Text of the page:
A giant among flatfish, halibut is high in healthy fish oils, low in fat, and is delicious simply baked, grilled, or poached, in soup, or, as the Swedes like it, in a summery salad with potatoes, hard-boiled eggs and gherkins, says Clarissa Hyman

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Halibut ain’t what it used to be. I don’t think I was the only one, but a few years ago I felt that the ‘King of Flatfish’ had somehow lost its lustrous claim to the title. In my (admittedly failing) memory, halibut had always been a prized catch with large, pearly-white flakes that were both meaty and delicate in equal measures: what I was getting in restaurants and at fish counters was good and enjoyable but more akin to lookalike contestants in Stars in Their Eyes. Credible but not altogether convincing.

As labelling became more reliable (and I got better glasses), it turned out that what had passed for Hippoglossus hippoglossus was often Reinhardtius hippoglossoides. In other words, ‘true’ Atlantic halibut versus Greenland halibut respectively. There is some convergence in that both are members of the same family and resemble each other in various aspects such as their diamond-like shape, but when it comes to telling them apart, size really does matter. As does a mild flavour and meaty texture that can convert even the most obdurate of fish-haters. There is another variety, the Pacific halibut, but we will come to that later.

Halibut have been known to reach a monstrous size, up to 2.5 metres in length and tipping the scales at over 300 kilos. Although such giants are pretty rare, their capture can be a tough battle. The fish has strength and determination and will not give in without a darned good fight. In his 1955 autobiography Roving Fisherman, the Canadian author FW Wallace wrote: ‘It will spin around like a whirling top, thereby making the job of giving him his quietus with the “killer” an exceedingly difficult one. For perhaps a minute or two, there is spray and profanity flying, punctuated by dull thuds of the club on the halibut’s snout...’ Wallace said he had even seen men’s wrists broken in such a mêlée.

Atlantic halibut is a handsome fish with a dark, olive-green back and white underside found in very deep, cold water on both sides of the Atlantic, though not usually south of Scotland or below New Jersey. During the winter wild fish are difficult to find, but in the summer they cruise landwards and are said to be particularly fond of eating seabirds’ eggs that fall from clifftop nests. Wild Atlantic halibut is, alas, heavily overfished and currently listed as an endangered species: the situation is particularly bad in the North East Atlantic. In the West Atlantic though, as a result of significant investment in research and management, a Canadian fishery has been certified to Marine Stewardship (MSC) standards. On the other hand, Atlantic halibut is farmed in various countries in both closed tanks and open pens. The Marine Conservation Society (MCS) recommends choosing halibut farmed in closed, shore-based production systems, such as those used in Scotland, which reduce environmental impact. As halibut need other fish for most of their diet, the only assurance the feed comes from a sustainable source is to look for organically farmed fish. The latter is available year-round although there is a limit on the size of the fish.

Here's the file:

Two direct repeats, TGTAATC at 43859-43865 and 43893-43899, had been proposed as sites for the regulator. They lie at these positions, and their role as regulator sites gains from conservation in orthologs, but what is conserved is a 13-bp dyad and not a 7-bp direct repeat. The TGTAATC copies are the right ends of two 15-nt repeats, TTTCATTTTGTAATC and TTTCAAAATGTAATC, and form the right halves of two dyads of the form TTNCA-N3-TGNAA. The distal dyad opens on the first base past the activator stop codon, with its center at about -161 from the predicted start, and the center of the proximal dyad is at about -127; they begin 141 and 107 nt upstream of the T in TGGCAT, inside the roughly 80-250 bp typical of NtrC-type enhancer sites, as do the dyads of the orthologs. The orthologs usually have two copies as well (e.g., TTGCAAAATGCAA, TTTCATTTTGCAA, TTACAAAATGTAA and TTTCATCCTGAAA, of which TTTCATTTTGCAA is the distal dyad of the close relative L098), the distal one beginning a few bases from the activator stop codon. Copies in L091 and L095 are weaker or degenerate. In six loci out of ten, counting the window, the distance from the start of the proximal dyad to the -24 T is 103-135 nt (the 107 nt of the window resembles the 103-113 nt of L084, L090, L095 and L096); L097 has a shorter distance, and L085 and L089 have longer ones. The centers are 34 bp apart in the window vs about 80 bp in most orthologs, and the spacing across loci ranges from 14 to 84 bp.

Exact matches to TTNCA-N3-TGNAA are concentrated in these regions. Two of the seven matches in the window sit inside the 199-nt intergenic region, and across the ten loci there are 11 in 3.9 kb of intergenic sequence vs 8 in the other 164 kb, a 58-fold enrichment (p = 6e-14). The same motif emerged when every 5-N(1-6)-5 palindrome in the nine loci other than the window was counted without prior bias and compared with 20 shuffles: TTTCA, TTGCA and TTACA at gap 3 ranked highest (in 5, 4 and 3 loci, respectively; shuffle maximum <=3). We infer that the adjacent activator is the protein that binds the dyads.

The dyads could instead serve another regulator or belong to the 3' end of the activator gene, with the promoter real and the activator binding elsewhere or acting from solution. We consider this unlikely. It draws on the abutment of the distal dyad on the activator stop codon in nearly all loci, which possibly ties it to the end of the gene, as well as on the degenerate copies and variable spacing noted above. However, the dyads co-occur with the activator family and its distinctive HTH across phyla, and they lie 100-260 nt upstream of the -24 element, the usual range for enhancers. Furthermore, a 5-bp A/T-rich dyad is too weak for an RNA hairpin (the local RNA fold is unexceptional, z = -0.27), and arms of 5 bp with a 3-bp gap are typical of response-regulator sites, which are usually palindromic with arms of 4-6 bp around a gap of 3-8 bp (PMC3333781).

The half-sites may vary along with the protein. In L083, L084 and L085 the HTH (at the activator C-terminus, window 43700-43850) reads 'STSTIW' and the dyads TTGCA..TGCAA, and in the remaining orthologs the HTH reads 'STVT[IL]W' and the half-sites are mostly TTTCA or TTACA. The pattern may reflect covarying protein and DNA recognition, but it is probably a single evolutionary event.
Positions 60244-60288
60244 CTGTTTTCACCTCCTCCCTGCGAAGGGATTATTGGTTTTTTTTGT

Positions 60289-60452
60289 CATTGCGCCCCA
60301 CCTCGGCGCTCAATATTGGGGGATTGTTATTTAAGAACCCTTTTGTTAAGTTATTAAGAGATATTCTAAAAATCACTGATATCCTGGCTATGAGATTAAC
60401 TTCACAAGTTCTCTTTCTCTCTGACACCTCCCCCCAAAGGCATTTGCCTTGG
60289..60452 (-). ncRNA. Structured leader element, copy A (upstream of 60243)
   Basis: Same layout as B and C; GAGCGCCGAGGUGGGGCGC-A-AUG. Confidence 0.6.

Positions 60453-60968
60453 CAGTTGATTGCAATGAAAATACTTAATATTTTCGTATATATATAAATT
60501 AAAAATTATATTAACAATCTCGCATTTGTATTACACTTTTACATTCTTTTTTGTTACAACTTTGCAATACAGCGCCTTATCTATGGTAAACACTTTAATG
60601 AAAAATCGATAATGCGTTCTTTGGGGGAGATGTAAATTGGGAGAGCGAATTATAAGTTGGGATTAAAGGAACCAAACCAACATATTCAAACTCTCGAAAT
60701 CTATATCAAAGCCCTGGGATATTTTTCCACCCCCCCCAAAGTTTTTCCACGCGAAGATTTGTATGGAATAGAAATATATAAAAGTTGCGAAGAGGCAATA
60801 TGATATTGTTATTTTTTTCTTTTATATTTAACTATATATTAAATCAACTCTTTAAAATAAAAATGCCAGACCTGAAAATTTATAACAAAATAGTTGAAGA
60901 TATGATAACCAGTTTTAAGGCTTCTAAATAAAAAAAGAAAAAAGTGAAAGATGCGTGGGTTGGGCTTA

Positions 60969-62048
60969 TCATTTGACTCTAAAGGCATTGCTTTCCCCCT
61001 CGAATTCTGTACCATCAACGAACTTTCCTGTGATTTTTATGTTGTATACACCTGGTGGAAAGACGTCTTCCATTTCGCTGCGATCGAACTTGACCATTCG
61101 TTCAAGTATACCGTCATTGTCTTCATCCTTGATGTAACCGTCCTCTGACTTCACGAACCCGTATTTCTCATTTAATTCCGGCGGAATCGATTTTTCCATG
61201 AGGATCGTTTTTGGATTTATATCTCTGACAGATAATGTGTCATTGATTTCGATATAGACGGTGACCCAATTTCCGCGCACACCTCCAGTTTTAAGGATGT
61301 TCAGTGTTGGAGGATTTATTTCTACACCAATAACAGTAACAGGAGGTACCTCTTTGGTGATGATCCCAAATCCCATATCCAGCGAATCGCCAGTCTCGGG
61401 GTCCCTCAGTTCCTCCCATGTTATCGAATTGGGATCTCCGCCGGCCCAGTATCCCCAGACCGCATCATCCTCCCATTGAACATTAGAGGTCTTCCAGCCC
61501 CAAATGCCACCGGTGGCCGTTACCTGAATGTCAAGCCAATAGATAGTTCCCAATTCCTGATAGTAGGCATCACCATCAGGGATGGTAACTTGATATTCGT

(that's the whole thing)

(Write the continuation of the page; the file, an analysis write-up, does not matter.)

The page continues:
Halibut needs little more than simple baking but steaks may also be grilled, braised and poached. Cooking with the bones in gives the flesh added succulence, which balances the tendency of larger fish to be a little dry. A popular dish from J Sheekey, the legendary London fish restaurant, is simply gently cooked fillets (no more than 8-9 minutes) served with creamed peas, bacon and spring onions. A well-known Swedish halibut salad is made with poached fish, boiled potatoes, hard-boiled eggs and gherkins. An intriguing but equally famous Icelandic halibut soup includes prunes or rhubarb, egg and lemon juice in the list of ingredients.

A small true halibut is sometimes called a ‘chicken halibut’, but the term ‘little halibut’ generally refers to Greenland halibut, which has a maximum growth length of 80cm, and has a less distinctive taste than the true halibut. Both sides of the fish are equally dark – which accounts for its common names in other languages. In Norway, for example, it is called ‘black’ halibut. It lives in Arctic and sub-Arctic waters and gained its name as a result of its popularity among Greenlanders, who fish it through holes bored in the ice. A popular dish, marinated halibut fins, steeped in a sour-sweet liquid with peppercorns and onion, is served either on bread and butter or at lunchtime with boiled potatoes or potato salad. Smoked Greenland halibut is also delicious.

The MCS describe Greenland halibut as a long-lived, slow-growing species, making it vulnerable to exploitation by commercial fisheries. In the North Arctic (Barents Sea and Norwegian Sea), after reaching a very low point in 2004, the stock is now stable with signs of slow increase. A third and more sustainable choice, however, is the Pacific halibut or Hippoglossus stenolepsis caught wild in the Northeast Pacific in the US and Canadian longline fisheries of Alaska, Washington, Oregon and British Columbia. Stocks are managed by the International Pacific Halibut Commission, which applies strict harvesting conditions. The flesh is dense, firm and low in fat, and has a milder taste than its Atlantic cousin.

It is thought the word ‘halibut’ derives from ‘haly’ (holy) and ‘butte’ (flat fish) as a result of its former popularity on Catholic holy days in England. Holy day. Holy fish. Halibut. Give it a try; just for the halibut.

Halibut 3043

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